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a115433



Joined: 05 Mar 2010
Posts: 144
a115433
i have at least 1 thread that process io.
1 thread read data from something to a buffer, other thread write data from this buffer to other port.

can i use file mapping to map these devices (files), and use movs instruction to copy data between 2 devices?

now my problem, i want 1 thread to ReadFile() data into buffer, while in the same time, other thread WriteFile() data to other pipe/file/socket.

how should i do this?

easiest way is read portion of data, and write untill i empty buffer. but this stall reading operation for no reason.

I have been thinking about this problem for some time, and cant find out better solution.
Perhaps something like this:
After each read operation, queue a write operation wich willrepeat untill all data is send.
this scenario suck because i will have to secure socket to exclusive access, and i would have to use rfame to handle offsets.
so i need only 1 writer, wich will remove from its queue write requests.
after each read operation, add to FIFO information about data, like ammount and pointer. writer should remove it with its own speed. when buffer is full, or queue is full, reader should stop adding more. Now what kind of queue it must be, and how i access it? I cant use mutexts, because i cant guarantee that reader and write will be in diffrent threads. I also want to avoid spinlocks, because they are lame, slow, and eat much power = destroy envoronment.
1 variable must be shared in this queue - count. I could use events, but they can be signaled only once, and i would have no way of knowing if writer has finished accessing data, unless i use 2 events - 1 for indication that queue is free to modify, and second - that modification is complete. It create much overhead because events are kernel objects. Were back to simpliest solution, read, and loop with writes.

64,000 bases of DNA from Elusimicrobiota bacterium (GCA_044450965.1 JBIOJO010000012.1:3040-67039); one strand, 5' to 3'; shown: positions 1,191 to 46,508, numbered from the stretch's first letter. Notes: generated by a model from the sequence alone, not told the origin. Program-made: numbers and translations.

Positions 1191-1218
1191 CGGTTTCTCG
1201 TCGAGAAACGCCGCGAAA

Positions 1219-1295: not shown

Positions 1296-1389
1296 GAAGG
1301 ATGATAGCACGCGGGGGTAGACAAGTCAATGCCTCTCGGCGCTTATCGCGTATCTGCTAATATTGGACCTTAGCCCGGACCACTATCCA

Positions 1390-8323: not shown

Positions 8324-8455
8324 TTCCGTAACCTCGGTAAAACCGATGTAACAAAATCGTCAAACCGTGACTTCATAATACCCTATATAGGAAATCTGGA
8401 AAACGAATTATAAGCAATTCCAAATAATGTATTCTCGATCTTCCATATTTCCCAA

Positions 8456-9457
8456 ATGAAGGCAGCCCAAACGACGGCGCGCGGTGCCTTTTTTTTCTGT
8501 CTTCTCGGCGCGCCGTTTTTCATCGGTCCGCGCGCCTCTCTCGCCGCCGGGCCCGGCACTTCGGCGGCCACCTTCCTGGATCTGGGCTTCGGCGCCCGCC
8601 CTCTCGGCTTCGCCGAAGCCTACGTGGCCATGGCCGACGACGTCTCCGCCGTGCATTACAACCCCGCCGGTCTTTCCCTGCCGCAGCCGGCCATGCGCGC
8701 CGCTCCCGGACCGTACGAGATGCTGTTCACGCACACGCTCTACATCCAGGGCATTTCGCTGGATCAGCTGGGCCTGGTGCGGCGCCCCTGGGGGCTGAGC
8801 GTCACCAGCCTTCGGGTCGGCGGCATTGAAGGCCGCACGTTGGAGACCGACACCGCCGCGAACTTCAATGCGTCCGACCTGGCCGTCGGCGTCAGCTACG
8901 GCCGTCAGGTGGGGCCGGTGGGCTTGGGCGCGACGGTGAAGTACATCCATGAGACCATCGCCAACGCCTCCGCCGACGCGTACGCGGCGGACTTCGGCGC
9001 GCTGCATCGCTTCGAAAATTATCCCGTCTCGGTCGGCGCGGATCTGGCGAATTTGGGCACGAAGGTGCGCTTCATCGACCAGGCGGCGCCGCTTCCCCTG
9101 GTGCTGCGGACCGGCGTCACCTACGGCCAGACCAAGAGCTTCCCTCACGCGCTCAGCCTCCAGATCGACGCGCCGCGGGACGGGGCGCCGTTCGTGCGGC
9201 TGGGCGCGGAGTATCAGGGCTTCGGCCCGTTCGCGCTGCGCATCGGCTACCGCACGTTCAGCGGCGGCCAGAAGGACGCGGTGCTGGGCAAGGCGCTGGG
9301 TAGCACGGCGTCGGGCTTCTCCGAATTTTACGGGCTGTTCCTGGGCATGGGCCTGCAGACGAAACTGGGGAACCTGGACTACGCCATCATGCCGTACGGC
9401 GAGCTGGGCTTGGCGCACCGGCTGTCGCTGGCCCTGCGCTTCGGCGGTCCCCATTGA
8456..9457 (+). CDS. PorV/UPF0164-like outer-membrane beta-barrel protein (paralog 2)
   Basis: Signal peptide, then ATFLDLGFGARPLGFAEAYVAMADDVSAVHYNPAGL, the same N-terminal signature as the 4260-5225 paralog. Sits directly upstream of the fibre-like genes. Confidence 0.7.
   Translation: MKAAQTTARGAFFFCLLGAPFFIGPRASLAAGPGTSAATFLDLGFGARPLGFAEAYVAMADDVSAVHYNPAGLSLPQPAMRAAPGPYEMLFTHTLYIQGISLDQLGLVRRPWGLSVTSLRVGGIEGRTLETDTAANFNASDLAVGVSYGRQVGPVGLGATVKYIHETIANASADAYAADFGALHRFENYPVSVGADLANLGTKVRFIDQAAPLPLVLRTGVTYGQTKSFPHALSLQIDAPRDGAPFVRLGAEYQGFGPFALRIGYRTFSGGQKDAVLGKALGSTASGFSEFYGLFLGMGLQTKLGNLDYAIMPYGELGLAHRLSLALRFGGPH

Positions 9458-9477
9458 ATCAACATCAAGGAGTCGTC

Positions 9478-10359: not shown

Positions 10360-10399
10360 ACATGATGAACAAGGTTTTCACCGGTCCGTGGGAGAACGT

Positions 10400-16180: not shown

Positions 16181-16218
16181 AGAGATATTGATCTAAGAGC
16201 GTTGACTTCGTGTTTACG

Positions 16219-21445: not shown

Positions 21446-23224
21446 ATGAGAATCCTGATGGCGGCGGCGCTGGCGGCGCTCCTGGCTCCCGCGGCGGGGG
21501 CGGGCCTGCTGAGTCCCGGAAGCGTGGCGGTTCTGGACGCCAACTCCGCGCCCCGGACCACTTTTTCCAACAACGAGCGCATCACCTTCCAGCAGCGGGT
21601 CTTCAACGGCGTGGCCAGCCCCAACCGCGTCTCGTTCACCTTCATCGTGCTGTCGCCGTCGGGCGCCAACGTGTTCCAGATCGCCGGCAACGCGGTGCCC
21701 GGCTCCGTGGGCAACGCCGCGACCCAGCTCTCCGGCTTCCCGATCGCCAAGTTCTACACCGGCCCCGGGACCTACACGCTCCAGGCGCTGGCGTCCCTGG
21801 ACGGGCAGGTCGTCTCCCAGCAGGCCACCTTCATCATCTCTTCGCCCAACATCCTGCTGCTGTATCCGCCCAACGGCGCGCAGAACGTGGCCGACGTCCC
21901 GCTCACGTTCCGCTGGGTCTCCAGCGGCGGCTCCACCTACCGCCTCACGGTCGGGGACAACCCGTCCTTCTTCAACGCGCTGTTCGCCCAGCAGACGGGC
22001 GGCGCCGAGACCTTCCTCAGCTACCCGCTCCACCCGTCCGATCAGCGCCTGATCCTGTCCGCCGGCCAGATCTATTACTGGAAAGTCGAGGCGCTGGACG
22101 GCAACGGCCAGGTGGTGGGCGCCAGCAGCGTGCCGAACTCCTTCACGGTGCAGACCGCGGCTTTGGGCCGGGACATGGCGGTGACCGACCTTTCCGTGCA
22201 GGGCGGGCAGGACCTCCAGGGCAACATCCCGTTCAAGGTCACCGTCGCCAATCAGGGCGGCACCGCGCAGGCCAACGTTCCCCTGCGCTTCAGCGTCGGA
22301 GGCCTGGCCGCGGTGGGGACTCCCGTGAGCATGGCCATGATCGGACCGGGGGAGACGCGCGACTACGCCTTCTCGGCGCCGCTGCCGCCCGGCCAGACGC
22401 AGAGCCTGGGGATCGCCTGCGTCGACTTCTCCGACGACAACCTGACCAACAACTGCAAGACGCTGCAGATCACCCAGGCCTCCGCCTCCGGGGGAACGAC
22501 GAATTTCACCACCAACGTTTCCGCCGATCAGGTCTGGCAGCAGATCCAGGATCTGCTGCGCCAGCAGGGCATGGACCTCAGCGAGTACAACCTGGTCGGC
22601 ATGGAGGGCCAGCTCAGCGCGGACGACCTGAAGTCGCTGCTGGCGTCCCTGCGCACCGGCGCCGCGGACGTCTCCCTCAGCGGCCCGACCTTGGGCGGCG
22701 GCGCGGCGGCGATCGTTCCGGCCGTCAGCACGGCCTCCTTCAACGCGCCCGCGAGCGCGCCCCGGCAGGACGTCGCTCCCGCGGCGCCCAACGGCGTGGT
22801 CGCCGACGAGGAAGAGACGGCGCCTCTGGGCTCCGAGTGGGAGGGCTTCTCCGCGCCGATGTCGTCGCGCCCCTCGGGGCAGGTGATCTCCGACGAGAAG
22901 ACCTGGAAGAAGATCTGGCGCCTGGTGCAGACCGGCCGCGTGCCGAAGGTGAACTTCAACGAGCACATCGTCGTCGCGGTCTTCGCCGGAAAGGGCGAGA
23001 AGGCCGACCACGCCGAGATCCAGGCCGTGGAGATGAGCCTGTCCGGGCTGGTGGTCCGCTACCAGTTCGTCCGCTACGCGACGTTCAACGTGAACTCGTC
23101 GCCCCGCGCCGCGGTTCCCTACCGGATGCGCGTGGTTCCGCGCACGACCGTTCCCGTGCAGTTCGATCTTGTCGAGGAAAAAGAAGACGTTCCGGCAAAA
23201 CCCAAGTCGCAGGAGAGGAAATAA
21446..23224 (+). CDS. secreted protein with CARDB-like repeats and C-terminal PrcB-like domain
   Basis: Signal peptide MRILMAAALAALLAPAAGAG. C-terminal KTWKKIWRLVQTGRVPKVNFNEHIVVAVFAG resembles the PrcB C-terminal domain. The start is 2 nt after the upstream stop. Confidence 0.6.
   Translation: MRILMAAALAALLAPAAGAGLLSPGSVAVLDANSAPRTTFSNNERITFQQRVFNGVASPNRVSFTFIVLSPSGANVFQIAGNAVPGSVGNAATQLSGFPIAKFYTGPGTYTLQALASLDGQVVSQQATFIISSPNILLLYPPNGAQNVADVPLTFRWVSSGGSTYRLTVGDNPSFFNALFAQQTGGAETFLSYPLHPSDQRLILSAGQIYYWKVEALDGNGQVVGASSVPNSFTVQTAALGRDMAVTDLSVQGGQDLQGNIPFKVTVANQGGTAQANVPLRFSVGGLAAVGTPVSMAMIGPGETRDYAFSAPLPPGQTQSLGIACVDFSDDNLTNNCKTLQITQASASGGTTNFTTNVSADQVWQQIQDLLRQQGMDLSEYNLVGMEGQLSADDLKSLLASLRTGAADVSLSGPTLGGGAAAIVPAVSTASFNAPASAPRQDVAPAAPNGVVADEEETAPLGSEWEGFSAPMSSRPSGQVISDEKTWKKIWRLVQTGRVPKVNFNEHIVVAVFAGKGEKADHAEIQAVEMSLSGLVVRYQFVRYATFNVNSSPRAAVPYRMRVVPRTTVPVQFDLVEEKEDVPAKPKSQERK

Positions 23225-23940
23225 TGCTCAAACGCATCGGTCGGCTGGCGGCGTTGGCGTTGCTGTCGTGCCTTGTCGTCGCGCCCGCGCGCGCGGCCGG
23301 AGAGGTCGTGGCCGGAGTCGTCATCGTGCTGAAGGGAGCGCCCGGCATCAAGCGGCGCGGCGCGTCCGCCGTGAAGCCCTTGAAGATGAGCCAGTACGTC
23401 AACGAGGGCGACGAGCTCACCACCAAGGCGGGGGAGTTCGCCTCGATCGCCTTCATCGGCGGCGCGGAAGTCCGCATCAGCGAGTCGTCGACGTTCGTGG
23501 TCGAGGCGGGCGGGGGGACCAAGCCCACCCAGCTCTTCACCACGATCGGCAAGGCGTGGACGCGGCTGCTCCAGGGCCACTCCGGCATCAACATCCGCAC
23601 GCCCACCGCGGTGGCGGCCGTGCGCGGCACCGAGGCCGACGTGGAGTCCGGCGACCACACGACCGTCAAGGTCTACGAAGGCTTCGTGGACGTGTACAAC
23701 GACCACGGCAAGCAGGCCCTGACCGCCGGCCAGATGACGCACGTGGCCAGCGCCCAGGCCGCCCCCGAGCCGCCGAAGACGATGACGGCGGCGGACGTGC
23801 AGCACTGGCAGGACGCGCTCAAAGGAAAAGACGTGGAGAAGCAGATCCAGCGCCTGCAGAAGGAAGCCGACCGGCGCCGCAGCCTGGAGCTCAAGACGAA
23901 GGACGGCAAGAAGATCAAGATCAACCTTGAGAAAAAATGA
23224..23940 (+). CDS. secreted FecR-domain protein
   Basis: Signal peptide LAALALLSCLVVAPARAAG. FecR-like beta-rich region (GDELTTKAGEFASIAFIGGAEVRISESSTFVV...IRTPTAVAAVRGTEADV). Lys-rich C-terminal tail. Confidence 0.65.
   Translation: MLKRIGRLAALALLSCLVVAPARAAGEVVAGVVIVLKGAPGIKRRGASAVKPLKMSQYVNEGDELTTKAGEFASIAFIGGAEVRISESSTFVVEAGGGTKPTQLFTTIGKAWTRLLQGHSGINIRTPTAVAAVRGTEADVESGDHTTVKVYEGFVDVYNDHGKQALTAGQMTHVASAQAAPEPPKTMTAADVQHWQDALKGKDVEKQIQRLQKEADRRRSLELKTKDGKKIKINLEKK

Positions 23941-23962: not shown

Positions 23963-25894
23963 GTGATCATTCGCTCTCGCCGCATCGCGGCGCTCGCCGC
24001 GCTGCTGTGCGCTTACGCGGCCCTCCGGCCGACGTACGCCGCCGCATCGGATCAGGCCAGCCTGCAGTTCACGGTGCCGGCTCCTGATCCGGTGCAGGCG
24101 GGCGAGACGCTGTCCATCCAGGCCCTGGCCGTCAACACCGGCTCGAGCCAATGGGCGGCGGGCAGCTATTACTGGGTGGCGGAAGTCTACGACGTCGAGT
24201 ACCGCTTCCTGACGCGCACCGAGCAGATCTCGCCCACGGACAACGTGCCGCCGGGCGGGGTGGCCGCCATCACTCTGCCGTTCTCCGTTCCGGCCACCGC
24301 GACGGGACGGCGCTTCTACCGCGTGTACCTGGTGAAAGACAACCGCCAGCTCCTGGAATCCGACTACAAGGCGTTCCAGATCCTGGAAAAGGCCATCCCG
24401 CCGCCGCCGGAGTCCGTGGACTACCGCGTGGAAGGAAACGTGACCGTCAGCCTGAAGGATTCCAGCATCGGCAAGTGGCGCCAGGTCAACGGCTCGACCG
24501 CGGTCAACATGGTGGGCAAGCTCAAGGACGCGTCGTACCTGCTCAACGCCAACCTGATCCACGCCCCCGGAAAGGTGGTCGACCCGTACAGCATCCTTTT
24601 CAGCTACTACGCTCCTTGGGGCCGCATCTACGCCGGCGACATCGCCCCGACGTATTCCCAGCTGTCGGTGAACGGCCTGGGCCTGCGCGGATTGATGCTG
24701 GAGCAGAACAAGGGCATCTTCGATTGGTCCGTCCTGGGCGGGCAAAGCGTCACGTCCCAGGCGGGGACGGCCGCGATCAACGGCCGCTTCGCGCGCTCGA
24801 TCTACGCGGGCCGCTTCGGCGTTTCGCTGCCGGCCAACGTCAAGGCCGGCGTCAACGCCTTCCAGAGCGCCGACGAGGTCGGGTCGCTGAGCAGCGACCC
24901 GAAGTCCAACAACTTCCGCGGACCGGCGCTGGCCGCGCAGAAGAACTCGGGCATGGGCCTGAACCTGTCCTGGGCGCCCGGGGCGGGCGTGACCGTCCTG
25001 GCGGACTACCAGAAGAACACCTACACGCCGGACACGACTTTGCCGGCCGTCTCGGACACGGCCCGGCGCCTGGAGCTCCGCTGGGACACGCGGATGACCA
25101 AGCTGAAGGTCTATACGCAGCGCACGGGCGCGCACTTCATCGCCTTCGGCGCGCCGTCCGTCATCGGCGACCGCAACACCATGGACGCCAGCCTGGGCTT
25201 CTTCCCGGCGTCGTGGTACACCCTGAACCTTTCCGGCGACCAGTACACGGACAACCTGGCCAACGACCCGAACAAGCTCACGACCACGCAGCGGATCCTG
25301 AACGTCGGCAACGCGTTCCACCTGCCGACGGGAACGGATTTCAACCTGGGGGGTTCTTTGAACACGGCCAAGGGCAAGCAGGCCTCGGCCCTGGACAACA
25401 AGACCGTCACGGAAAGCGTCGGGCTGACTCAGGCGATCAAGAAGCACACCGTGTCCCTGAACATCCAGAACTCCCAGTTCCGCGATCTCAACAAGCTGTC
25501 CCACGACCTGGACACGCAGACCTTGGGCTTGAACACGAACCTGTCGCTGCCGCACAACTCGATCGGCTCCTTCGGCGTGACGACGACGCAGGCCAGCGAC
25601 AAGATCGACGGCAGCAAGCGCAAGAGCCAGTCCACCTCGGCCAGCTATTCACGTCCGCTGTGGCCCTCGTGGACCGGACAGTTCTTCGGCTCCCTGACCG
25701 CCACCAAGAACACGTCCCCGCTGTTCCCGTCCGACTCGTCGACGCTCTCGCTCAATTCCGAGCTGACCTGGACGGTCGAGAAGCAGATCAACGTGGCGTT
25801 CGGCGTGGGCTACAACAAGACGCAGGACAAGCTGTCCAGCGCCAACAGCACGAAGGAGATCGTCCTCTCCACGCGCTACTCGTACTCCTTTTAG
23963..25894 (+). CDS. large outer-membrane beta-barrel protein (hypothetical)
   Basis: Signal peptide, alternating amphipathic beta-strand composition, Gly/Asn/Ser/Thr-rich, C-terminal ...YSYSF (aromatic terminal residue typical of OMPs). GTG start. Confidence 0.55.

Do you have a better solution? Should i stick with this?
Of course all operations are overlapped, and i use undefined ammount of threads (1 per logical core for best performance).


is there a way to bypass limit of 64 handles in multi-wait functions?
Post 09 Apr 2010, 13:01
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revolution
When all else fails, read the source


Joined: 24 Aug 2004
Posts: 17716
Location: In your JS exploiting you and your system
revolution
asmcoder wrote:
because i cant guarantee that reader and write will be in diffrent threads.
Why not? You either create threads or you don't. How is there an in-between-state that you can't determine? Do you mean a single core CPU? If so, then mutexes will work just fine with multiple threads.
Post 09 Apr 2010, 13:06
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a115433



Joined: 05 Mar 2010
Posts: 144
a115433
i use events to queue io completion events.
wich thread respond first - will queue completion event and wait on it. when its signaled, it will jump to my code and do something else, for example read another portion and queue its completion event, or end reading and return waiting.

first i do init stuff with main thread (like allocating heap), then i enumerate cpus, then i create suspended threads for each, then i pass thread handles to each so when 1 die i detect it, i resume them and start waiting on input source, usually pipe, socket, or message. at the end i kill main thread just to keep things simple.


remember i want to take advantage of everything os has to offer (with concern for backward compatibility, win 2000 missing = doesnt exist for me at all).
Post 09 Apr 2010, 13:19
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revolution
When all else fails, read the source


Joined: 24 Aug 2004
Posts: 17716
Location: In your JS exploiting you and your system
revolution
You don't have to match threads to CPUs. Let the OS work it out.

You did state you "want to take advantage of everything os has to offer" so use it to mange the threads for you, don't go micromanaging something that the OS already has the code for.

You are free to create as many threads as you please, so you can always guarantee a separate thread for read and write (if that is what you want) and then you can use mutexes, or critical sections, or semaphores, or whatever else the OS has to offer.
Post 09 Apr 2010, 13:29
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